- Placed last because you may never need it if you’re working all of the above. Visit your club’s mentor list and find a mentor close to you. Preferably one that also attends meetings. Sit with them, or watch and listen to them teach at the front of the room. If you don’t understand something ask after the meeting. Offer to help your mentor do hard work like pulling supers, rotating boxes, or extracting honey. Tell them you’ll gladly help with their next swarm retrieval. Ask them tough questions that show your enthusiasm and that you’re making every effort to learn. If they know you’re dedicated to learning, attending, and making an effort it makes all the difference in the world.
In the end it’s all about learning about bees, their biology, behavior, and management. Along with that come the seasons, foliage, the bees’ cousins, and foes. Today’s prospective beekeeper has more resources that ever before: face to face education, fellowship, books, YouTube videos, discussion groups, community outreach, conferences, and more. Take advantage of every offering available and you will succeed. Now, get to a meeting!
When it comes to the current bee crisis, artist Matthew Willey sees the writing on the wall – and has chosen to paint over it. “I want to put bees in the front of everyone’s mind” the North Carolina-based artist says. He has committed to personally paint 50,000 honeybees – the number necessary for a healthy hive – on the walls of communities across America.
“As an artist I figured I could take these small, misunderstood creatures and paint them really big so people will notice them,” says Willey.
His initiative, called The Good of the Hive, uses art to highlight amazing honey bee behaviors and their connection with humans, all while raising awareness about the current honey bee struggle.”We need them, it’s not a maybe.” Willey says.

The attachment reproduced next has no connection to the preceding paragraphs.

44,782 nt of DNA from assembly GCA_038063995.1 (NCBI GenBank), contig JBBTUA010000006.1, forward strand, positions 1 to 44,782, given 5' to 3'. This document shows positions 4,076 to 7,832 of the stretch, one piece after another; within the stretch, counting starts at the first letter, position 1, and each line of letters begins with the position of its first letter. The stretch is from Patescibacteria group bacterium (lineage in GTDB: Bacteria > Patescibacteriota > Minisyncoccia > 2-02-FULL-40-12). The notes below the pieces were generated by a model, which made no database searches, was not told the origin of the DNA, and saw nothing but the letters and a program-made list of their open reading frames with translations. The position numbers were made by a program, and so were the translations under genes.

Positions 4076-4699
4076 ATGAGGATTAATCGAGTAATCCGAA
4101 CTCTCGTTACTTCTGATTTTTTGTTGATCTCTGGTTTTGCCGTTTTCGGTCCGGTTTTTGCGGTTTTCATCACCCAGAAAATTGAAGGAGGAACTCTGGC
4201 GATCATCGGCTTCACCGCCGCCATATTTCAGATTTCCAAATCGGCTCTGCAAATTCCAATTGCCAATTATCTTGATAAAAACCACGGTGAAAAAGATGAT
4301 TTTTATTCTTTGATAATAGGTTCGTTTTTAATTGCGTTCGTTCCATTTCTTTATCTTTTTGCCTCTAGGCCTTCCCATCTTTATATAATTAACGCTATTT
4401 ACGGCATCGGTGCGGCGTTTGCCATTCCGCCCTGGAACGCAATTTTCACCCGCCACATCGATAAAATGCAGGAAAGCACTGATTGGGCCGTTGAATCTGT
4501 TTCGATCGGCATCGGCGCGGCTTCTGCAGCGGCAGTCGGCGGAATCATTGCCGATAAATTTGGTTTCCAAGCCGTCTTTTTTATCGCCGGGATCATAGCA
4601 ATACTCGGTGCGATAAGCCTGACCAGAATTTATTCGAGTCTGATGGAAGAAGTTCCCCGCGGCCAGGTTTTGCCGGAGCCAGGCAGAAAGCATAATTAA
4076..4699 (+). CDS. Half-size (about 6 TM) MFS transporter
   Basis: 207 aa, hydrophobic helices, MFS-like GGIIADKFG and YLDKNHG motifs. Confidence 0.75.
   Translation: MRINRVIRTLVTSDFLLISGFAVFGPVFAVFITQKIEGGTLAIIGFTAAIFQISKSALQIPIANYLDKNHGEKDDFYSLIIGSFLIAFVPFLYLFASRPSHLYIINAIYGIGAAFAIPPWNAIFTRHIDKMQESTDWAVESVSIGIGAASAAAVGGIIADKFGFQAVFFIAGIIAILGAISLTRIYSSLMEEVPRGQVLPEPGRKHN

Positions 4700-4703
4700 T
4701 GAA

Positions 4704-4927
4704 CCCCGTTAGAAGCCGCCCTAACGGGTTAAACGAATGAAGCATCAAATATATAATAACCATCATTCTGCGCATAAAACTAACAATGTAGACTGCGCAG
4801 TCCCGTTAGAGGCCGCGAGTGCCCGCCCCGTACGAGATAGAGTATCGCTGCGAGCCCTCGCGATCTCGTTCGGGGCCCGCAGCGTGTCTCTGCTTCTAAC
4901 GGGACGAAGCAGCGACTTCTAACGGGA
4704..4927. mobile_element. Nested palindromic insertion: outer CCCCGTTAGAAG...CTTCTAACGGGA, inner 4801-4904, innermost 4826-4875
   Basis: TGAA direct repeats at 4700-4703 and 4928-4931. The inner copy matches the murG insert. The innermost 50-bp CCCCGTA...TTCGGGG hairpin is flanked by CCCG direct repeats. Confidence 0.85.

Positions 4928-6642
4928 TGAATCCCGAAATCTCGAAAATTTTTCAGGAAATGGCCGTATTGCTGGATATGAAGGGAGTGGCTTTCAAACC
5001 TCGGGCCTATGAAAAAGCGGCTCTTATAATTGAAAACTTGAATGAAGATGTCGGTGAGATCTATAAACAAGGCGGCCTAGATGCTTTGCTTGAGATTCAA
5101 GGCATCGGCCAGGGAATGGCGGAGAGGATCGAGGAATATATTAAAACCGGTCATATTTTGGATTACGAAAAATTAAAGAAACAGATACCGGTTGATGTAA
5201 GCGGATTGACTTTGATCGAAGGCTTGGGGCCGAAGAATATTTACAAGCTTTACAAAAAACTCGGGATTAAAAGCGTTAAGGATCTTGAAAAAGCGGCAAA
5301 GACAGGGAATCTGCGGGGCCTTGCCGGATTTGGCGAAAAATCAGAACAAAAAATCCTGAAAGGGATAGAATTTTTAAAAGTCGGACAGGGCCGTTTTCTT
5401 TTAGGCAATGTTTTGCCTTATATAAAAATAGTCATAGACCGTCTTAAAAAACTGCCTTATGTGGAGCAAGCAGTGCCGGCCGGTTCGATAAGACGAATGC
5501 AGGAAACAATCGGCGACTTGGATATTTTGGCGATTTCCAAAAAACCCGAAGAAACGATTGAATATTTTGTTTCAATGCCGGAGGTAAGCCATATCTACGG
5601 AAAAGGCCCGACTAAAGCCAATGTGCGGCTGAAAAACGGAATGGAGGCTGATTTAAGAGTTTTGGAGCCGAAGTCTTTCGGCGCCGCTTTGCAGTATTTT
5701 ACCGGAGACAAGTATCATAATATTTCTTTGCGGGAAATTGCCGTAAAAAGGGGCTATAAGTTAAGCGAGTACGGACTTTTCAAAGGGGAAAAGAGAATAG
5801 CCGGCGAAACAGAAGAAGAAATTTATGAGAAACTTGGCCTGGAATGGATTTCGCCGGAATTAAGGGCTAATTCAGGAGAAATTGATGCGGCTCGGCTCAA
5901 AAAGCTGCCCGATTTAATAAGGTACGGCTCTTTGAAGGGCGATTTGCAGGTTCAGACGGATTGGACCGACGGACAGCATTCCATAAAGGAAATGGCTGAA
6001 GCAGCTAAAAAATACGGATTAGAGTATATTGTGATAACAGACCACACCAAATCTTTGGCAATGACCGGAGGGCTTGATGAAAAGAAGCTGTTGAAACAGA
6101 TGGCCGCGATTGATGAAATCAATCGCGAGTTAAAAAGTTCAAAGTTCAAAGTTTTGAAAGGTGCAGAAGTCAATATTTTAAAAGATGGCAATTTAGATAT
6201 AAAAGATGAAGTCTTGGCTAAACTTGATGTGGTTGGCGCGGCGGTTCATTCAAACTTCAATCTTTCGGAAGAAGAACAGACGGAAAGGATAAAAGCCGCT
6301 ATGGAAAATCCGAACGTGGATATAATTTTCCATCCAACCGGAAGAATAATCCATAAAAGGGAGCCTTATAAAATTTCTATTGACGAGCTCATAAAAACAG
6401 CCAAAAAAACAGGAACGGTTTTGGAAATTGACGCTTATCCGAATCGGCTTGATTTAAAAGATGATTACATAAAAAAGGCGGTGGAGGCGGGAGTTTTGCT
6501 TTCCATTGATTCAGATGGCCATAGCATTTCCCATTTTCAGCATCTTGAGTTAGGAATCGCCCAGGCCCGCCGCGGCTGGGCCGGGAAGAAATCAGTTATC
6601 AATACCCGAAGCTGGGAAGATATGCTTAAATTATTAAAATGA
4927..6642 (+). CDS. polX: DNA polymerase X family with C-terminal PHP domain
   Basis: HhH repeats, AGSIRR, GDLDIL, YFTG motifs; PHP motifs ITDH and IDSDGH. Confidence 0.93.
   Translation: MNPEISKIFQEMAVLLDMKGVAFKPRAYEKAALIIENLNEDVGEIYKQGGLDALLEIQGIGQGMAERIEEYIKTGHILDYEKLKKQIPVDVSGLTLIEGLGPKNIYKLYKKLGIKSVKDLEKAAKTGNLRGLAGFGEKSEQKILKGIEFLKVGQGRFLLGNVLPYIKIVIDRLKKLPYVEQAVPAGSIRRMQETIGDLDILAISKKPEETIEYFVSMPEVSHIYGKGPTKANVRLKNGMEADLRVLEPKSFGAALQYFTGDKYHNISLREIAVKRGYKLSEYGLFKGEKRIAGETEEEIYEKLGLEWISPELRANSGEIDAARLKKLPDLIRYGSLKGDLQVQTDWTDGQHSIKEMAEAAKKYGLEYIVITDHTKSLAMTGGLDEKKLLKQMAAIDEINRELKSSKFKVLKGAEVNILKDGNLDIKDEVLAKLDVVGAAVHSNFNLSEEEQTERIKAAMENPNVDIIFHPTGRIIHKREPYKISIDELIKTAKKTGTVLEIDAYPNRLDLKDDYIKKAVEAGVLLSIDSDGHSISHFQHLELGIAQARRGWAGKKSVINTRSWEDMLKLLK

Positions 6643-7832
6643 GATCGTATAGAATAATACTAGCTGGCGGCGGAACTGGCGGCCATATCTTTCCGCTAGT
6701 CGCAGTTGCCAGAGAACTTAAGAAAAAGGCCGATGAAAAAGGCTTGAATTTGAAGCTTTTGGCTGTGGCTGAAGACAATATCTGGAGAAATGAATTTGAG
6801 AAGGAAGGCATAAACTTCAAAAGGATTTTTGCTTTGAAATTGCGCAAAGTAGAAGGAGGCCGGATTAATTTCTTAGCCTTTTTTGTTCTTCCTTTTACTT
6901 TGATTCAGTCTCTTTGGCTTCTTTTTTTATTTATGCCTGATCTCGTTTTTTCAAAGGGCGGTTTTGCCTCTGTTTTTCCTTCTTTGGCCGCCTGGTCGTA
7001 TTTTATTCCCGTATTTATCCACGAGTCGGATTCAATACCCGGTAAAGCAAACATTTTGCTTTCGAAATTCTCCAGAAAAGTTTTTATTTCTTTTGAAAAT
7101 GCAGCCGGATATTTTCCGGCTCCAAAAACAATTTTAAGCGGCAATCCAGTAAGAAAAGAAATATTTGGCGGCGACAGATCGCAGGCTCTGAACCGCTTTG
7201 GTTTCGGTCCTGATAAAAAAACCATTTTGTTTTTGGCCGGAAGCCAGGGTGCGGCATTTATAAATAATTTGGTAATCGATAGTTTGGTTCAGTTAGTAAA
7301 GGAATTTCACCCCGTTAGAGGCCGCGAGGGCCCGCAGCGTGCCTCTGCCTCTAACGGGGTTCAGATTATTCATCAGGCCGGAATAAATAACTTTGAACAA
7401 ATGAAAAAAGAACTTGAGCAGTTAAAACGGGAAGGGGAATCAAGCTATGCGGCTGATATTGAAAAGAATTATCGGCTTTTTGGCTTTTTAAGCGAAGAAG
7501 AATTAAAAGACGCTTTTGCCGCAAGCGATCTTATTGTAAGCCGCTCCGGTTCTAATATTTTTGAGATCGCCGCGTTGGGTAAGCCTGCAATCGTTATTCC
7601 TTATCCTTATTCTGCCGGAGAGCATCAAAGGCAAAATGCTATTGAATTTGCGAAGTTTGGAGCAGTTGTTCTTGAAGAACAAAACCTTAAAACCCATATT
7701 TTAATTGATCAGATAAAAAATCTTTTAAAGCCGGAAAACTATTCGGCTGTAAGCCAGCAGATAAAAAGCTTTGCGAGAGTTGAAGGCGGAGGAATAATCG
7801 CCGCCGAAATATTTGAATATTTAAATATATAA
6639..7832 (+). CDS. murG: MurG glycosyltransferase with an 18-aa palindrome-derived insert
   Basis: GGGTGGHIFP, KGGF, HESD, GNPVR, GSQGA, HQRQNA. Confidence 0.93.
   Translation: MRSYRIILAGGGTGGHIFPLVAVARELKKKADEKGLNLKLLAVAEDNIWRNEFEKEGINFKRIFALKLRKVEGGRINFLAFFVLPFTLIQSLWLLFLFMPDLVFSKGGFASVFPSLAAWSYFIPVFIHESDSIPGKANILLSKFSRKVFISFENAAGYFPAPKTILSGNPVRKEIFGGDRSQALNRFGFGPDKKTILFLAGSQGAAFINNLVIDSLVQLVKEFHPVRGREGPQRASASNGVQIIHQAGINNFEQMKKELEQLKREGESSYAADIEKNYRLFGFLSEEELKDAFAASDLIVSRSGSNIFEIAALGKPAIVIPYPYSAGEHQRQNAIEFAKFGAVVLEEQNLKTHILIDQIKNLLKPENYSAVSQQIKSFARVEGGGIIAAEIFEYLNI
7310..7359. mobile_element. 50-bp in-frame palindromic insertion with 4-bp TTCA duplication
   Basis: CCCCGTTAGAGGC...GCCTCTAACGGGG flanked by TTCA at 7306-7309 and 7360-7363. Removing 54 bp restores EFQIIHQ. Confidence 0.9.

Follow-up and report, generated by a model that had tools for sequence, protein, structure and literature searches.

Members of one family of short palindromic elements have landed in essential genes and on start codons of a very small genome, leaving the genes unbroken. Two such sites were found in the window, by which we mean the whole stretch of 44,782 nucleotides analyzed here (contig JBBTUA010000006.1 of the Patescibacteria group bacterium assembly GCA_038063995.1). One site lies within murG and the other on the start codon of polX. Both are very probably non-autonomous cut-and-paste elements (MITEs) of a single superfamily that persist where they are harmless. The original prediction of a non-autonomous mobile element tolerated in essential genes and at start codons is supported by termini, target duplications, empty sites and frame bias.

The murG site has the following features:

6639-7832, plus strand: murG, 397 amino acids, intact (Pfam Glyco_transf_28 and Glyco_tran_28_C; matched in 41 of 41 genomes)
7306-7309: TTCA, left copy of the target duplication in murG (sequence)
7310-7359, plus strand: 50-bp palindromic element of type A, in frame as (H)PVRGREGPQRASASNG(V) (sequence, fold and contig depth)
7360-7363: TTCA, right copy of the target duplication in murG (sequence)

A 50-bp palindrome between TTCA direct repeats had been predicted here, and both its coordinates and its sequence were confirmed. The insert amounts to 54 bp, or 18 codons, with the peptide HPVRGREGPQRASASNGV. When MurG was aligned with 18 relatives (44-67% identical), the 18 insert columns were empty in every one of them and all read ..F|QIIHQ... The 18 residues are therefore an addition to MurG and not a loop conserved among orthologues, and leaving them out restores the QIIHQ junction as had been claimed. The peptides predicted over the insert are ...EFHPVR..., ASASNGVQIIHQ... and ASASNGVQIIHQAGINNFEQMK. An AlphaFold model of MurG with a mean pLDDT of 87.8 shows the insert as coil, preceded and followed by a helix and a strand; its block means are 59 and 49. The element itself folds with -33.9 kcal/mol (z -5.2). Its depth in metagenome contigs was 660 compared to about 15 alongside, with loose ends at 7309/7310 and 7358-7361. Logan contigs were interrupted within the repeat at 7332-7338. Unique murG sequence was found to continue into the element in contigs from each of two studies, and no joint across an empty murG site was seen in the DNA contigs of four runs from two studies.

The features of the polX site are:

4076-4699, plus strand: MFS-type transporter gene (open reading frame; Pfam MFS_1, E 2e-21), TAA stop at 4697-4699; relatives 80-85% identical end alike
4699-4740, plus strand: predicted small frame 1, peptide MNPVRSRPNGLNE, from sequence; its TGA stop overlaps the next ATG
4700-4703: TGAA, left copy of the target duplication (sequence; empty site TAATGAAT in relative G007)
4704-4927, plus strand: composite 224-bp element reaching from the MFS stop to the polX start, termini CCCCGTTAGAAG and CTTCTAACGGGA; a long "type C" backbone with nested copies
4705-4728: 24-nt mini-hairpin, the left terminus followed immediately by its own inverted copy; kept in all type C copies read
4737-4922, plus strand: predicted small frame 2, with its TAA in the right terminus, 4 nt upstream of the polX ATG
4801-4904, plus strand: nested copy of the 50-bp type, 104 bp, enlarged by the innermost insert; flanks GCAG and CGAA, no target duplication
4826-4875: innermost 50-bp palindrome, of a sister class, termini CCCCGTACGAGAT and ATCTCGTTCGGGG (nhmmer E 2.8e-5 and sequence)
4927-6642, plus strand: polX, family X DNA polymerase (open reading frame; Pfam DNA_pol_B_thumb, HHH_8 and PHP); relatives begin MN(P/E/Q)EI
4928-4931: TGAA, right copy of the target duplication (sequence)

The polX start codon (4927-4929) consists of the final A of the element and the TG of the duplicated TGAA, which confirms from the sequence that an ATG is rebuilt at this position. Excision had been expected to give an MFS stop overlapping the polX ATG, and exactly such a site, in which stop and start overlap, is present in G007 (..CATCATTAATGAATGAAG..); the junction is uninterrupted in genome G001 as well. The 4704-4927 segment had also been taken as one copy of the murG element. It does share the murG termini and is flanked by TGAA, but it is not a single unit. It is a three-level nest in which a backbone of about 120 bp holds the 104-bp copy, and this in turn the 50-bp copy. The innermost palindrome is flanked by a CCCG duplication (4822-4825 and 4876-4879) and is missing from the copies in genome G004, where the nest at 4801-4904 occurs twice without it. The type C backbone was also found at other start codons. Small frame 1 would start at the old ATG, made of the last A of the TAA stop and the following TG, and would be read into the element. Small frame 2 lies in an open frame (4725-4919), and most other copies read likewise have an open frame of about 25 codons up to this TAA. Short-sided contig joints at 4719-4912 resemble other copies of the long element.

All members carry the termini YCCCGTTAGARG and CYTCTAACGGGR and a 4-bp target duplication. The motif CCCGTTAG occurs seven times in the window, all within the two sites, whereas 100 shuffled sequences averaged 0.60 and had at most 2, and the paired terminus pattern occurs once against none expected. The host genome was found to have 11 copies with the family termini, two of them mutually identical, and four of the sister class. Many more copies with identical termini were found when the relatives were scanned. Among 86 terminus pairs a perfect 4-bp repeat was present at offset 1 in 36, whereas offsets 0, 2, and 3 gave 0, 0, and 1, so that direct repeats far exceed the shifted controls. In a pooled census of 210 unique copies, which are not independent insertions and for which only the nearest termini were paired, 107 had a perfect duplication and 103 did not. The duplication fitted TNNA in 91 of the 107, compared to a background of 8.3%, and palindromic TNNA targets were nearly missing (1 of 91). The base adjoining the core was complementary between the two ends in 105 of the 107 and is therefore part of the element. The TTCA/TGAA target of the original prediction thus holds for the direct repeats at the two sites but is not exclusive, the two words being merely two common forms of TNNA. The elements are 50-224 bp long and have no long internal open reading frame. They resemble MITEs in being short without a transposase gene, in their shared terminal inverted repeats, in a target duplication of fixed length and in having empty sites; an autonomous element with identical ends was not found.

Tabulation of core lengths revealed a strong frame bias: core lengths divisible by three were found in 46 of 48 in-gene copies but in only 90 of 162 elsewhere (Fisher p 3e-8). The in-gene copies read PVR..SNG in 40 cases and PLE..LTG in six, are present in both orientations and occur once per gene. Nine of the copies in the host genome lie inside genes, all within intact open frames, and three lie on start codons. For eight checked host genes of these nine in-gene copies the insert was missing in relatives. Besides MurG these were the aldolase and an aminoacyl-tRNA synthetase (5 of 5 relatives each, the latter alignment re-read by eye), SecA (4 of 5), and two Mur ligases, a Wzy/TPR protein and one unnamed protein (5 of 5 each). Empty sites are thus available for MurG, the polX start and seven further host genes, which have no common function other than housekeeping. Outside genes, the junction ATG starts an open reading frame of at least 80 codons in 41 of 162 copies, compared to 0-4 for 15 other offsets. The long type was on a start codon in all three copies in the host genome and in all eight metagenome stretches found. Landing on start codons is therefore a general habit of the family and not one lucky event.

The artist was inspired by a honey bee that had flown into his NY apartment last fall. “It was moving really slowly, like it was sick,” says Willey. When the honey bee died a few hours later, he turned to google for answers.
Bees live in highly organized colonies, each with an important task. When feel they cannot perform said tasks, due to age or health, they exit the hive and do not return. “I think this behavior is amazing” Willey says, “When they feel sick, they’ll remove themselves for the good of the hive.”
This explains the phenomena of colony collapse, the mass disappearance of bees from their hives. Where typically a handful of bees would regularly leave a hive in this fashion, now thousands are, and the entire colony is left defunct. With no signs of slowing down, it’s raising red flags for the beekeeping industry and the global economy it supports.
Willey paints with the same dedication the honey bee brings to it’s hive. He understands the power an individual holds. His murals generate buzz, which ultimately lead to conversation and education about an issue that affects everyone. “We’re all connected” he says.
Willey has been shown overwhelming support for his efforts from coast to coast. His nationwide-hive “flies” along on the walls of an apartment building in Washington, elementary school in North Carolina, and on the brick facade of the Burt’s Bees headquarters. His most recent bees are painted on the blank canvas of a truck cargo trailer – you might even see it on the road. “Bees are in every community,” Willey says, “so that is where I am going to paint them.”
Stay up to date with Matthew Willey and The Good of the Hive community on Facebook and Instagram. Followers can expect to see day to day progress on his current projects, and be the first to know where he’ll swarm off to next.